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From the end of the Second World War until the fall of communism in 1990, Bulgaria was a communist state ruled by the Bulgarian Communist Party. Then called the People's Republic of Bulgaria, the country allied closely with the Soviet Union and was heavily influenced by Soviet policies and politics.

Like the rest of the Eastern Bloc, the leaders of the People's Republic of Bulgaria too were eager to leave the mark of communism by building hundreds of monuments across the country. After the end of the Soviet rule, these monuments became reminders to decades of tyrannical rule and of oppression—a period of history modern Bulgarians are keen to forget. Some statues, like those of Lenin and Stalin, were pulled down but others were left standing but neglected, defaced and ransacked.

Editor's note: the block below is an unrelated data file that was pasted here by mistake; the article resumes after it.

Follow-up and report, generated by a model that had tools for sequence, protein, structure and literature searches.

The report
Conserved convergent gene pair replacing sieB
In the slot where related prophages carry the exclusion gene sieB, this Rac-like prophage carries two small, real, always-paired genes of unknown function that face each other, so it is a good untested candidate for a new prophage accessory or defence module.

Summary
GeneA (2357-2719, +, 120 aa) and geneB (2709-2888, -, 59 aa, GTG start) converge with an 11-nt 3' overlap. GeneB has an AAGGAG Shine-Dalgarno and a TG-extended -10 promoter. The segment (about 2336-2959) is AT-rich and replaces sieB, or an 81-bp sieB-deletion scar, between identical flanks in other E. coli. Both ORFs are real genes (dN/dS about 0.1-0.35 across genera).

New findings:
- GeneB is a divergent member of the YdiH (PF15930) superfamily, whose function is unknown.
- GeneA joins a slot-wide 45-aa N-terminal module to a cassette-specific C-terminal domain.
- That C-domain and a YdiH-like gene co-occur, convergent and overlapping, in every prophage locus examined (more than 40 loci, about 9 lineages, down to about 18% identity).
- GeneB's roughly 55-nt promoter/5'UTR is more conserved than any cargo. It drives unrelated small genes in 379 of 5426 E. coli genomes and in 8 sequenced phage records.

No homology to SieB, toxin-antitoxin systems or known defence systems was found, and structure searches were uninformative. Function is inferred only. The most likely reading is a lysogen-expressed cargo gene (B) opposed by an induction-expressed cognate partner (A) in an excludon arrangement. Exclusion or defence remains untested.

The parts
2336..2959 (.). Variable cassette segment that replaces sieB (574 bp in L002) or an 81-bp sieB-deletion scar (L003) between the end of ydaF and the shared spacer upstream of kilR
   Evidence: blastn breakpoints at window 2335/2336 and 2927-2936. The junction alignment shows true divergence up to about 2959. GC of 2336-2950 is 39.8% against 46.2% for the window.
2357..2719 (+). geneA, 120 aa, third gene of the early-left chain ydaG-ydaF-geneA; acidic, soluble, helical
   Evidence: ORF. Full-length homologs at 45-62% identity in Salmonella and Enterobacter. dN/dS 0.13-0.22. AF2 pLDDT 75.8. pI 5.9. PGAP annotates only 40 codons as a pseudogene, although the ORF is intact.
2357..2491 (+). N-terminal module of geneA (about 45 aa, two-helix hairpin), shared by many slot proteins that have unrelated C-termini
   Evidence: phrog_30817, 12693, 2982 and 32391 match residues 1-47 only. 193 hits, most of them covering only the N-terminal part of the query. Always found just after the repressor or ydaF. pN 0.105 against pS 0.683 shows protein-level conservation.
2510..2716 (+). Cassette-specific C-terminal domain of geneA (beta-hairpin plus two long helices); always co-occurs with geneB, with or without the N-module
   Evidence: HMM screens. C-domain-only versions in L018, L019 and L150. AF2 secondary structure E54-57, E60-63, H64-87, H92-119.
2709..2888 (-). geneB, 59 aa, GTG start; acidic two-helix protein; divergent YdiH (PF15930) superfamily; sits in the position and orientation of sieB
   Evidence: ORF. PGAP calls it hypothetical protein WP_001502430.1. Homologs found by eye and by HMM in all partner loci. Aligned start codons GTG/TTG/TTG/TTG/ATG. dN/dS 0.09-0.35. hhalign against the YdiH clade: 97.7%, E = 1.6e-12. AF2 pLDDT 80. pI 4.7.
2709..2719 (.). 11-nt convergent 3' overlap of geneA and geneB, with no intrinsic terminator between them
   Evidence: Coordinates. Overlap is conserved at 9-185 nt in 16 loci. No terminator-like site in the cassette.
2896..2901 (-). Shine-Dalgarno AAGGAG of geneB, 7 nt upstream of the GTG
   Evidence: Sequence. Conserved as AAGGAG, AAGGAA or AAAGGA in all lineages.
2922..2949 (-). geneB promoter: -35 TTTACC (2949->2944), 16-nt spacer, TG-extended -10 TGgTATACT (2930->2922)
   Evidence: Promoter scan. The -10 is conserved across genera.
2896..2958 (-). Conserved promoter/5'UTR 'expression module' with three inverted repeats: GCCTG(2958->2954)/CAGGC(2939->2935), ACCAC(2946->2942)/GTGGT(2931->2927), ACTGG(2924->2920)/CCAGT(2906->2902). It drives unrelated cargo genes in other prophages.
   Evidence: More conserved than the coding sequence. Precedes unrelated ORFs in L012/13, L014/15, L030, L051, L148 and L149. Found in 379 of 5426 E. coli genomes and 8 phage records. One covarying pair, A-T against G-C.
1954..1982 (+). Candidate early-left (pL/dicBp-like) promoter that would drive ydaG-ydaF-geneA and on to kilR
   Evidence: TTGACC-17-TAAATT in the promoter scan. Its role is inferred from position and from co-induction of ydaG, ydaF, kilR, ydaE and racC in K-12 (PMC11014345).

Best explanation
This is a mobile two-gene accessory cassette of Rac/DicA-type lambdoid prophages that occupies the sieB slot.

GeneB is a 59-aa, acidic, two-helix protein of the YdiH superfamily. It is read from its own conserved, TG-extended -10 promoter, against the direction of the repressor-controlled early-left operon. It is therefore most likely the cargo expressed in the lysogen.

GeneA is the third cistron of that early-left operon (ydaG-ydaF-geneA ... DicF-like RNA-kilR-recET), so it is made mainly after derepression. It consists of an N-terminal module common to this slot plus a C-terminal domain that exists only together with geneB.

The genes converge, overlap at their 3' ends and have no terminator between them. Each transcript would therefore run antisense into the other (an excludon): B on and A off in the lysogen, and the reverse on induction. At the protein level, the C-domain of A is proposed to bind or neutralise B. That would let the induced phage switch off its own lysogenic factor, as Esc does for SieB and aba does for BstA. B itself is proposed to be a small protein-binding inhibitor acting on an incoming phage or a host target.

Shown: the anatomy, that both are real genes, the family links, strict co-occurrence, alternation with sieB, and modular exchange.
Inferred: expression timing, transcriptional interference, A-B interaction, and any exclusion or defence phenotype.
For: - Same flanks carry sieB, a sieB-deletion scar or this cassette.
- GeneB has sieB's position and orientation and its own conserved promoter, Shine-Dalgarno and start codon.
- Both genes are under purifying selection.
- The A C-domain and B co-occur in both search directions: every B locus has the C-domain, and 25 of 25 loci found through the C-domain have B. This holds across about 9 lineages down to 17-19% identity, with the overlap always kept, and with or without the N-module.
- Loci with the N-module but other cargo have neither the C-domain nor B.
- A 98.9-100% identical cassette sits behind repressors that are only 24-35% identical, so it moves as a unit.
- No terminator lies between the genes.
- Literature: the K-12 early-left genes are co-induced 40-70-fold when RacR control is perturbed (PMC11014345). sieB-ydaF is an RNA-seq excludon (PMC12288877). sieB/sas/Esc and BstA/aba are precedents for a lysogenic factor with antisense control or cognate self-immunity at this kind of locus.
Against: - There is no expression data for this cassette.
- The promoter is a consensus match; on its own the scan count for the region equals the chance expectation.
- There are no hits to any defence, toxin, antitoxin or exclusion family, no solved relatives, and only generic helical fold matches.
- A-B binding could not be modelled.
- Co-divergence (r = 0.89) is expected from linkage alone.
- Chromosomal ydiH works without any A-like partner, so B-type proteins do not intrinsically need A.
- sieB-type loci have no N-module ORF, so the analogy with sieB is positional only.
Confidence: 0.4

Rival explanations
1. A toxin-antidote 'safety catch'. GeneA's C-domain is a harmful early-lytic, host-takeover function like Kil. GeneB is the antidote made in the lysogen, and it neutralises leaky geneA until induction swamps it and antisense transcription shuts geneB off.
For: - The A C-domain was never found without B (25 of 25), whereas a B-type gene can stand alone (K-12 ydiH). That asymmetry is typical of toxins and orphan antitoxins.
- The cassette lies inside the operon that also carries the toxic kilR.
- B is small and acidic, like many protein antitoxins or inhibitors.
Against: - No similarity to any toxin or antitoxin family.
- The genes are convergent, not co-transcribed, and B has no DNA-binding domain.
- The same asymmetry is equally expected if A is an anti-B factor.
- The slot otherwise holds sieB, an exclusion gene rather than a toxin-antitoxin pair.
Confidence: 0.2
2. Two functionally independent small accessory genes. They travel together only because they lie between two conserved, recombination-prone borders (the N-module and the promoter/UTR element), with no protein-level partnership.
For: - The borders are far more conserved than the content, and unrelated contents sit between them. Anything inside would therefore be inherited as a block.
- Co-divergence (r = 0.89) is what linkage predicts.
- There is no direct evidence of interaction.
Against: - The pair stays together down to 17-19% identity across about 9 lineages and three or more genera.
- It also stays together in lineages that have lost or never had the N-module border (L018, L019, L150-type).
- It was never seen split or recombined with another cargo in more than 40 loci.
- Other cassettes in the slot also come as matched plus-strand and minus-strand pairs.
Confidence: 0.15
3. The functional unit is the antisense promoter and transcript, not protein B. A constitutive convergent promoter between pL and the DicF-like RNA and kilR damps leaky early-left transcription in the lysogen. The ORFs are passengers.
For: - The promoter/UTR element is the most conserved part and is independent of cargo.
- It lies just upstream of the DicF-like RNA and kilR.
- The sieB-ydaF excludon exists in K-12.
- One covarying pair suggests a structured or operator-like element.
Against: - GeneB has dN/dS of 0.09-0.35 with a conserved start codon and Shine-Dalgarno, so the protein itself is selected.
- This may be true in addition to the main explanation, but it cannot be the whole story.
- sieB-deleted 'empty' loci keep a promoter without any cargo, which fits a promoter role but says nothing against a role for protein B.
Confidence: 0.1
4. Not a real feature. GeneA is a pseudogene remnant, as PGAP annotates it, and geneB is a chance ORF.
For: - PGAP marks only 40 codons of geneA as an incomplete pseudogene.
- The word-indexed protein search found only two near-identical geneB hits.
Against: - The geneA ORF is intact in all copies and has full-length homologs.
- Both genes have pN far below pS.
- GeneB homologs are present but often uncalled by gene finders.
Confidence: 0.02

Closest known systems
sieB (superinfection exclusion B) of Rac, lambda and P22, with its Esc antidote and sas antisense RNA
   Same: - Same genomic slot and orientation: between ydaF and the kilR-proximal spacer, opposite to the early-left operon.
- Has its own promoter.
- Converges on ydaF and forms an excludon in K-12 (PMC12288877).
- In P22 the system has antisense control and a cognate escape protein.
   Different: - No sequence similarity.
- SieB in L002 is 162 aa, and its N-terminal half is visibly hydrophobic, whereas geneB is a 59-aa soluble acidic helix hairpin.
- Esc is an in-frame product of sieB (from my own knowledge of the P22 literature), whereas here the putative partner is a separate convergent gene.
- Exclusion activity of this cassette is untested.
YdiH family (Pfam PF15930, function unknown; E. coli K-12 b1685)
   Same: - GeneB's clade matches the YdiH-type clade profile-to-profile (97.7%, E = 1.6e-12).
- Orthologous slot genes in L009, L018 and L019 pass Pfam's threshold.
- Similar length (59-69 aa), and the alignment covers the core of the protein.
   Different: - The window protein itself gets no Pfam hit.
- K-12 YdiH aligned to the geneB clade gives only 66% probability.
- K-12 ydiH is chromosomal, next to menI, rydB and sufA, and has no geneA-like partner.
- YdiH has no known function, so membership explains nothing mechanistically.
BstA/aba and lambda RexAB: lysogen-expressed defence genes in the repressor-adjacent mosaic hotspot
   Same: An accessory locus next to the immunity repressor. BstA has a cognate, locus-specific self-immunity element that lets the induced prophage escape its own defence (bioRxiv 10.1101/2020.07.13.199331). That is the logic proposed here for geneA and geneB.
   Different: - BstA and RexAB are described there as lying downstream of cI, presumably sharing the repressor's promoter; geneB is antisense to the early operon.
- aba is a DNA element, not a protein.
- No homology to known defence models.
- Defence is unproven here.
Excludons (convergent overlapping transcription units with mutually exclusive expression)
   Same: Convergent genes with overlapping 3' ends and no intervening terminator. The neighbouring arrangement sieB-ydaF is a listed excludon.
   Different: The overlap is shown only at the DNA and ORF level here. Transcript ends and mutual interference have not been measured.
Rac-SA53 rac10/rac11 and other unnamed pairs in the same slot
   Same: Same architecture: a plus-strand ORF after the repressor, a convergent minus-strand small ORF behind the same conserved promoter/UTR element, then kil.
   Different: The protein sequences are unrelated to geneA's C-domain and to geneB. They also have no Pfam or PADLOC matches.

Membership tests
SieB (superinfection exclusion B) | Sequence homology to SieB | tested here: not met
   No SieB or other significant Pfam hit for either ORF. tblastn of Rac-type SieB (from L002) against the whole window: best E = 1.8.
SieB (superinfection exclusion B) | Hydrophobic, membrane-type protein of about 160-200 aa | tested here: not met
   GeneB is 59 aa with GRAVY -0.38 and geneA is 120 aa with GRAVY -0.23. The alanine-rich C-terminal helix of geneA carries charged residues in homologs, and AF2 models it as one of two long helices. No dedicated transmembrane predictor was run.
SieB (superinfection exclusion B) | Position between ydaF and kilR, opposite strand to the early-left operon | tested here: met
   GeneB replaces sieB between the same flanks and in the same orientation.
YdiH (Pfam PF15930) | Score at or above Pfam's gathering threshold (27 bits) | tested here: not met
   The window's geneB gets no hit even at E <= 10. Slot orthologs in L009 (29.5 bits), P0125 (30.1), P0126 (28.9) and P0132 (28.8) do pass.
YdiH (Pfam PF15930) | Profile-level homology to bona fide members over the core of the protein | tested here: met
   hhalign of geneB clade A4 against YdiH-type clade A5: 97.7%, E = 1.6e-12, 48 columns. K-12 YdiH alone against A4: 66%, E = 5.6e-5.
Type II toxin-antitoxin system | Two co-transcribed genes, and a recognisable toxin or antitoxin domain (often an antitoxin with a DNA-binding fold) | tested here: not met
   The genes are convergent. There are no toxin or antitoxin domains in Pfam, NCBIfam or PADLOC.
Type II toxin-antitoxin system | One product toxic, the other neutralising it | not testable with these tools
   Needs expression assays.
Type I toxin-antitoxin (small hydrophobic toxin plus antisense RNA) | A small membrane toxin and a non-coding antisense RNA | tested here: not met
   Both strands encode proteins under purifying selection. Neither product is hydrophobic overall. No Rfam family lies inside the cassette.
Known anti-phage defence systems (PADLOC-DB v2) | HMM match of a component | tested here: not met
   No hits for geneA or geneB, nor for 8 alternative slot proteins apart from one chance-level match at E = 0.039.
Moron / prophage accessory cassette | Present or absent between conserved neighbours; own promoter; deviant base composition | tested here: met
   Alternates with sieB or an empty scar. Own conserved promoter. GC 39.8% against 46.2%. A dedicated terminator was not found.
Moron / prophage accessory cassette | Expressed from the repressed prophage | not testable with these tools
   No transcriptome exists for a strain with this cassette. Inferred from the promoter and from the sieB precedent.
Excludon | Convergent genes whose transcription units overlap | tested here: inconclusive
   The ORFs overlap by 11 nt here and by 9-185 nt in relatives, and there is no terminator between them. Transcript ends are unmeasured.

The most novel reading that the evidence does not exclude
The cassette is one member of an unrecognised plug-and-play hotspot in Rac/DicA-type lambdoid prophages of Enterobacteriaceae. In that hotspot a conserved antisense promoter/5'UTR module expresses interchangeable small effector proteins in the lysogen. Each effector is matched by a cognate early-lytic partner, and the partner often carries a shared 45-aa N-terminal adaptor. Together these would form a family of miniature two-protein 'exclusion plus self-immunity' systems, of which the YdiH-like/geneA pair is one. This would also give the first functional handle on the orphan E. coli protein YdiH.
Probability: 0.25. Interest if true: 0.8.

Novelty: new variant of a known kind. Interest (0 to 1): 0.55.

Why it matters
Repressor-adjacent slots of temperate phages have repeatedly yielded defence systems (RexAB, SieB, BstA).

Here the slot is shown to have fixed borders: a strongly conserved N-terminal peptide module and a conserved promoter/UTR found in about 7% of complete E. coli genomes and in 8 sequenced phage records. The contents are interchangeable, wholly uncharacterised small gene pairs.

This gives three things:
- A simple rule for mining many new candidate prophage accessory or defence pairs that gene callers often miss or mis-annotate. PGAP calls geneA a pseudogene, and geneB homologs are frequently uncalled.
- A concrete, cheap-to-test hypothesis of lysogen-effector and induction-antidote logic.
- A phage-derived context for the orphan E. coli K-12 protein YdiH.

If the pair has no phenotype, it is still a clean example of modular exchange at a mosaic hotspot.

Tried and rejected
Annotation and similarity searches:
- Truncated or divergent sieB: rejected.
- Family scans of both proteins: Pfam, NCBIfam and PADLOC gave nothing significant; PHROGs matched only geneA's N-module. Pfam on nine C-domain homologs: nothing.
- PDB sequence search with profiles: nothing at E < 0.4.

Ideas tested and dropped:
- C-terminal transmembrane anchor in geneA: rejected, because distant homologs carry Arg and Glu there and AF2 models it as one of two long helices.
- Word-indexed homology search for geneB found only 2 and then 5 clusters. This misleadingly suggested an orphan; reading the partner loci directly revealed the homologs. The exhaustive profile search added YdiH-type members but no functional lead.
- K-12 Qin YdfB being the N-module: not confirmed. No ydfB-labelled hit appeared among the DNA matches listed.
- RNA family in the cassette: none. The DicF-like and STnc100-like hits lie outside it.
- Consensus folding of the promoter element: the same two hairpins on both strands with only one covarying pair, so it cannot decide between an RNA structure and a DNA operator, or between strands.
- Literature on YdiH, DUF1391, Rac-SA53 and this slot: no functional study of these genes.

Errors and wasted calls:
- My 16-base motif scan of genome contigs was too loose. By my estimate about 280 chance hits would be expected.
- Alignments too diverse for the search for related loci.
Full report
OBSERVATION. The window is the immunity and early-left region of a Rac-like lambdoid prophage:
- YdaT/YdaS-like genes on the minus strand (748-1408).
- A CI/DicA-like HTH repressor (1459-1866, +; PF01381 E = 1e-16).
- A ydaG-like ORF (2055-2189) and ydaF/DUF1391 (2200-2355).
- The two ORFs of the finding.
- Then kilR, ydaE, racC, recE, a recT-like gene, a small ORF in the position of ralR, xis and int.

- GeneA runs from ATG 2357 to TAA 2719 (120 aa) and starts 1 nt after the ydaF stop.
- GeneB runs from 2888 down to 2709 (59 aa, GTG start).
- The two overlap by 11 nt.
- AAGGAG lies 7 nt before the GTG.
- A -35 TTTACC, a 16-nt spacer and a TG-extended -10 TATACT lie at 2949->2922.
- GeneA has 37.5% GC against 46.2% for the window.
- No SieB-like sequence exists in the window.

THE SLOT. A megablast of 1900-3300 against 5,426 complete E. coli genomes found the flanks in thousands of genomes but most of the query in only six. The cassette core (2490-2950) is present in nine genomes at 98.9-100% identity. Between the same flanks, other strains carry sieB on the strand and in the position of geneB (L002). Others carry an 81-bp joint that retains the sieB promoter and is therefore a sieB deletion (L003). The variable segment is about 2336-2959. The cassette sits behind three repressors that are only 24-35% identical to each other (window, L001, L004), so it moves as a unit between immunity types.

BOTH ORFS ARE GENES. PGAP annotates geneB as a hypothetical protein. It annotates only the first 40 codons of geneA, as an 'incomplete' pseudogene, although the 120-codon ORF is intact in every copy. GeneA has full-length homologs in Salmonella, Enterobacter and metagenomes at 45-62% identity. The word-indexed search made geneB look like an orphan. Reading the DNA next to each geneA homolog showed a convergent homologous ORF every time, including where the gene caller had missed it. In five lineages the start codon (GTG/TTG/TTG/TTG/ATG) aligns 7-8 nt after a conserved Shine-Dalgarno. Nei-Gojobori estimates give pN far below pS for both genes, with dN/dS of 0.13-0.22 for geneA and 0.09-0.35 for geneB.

The Torch Monument, part of the Buzludzha Monument, sits at the bottom of the Buzludzha peak in the Central Balkan Mountains. Photo credit: Rob Schofield/Flickr

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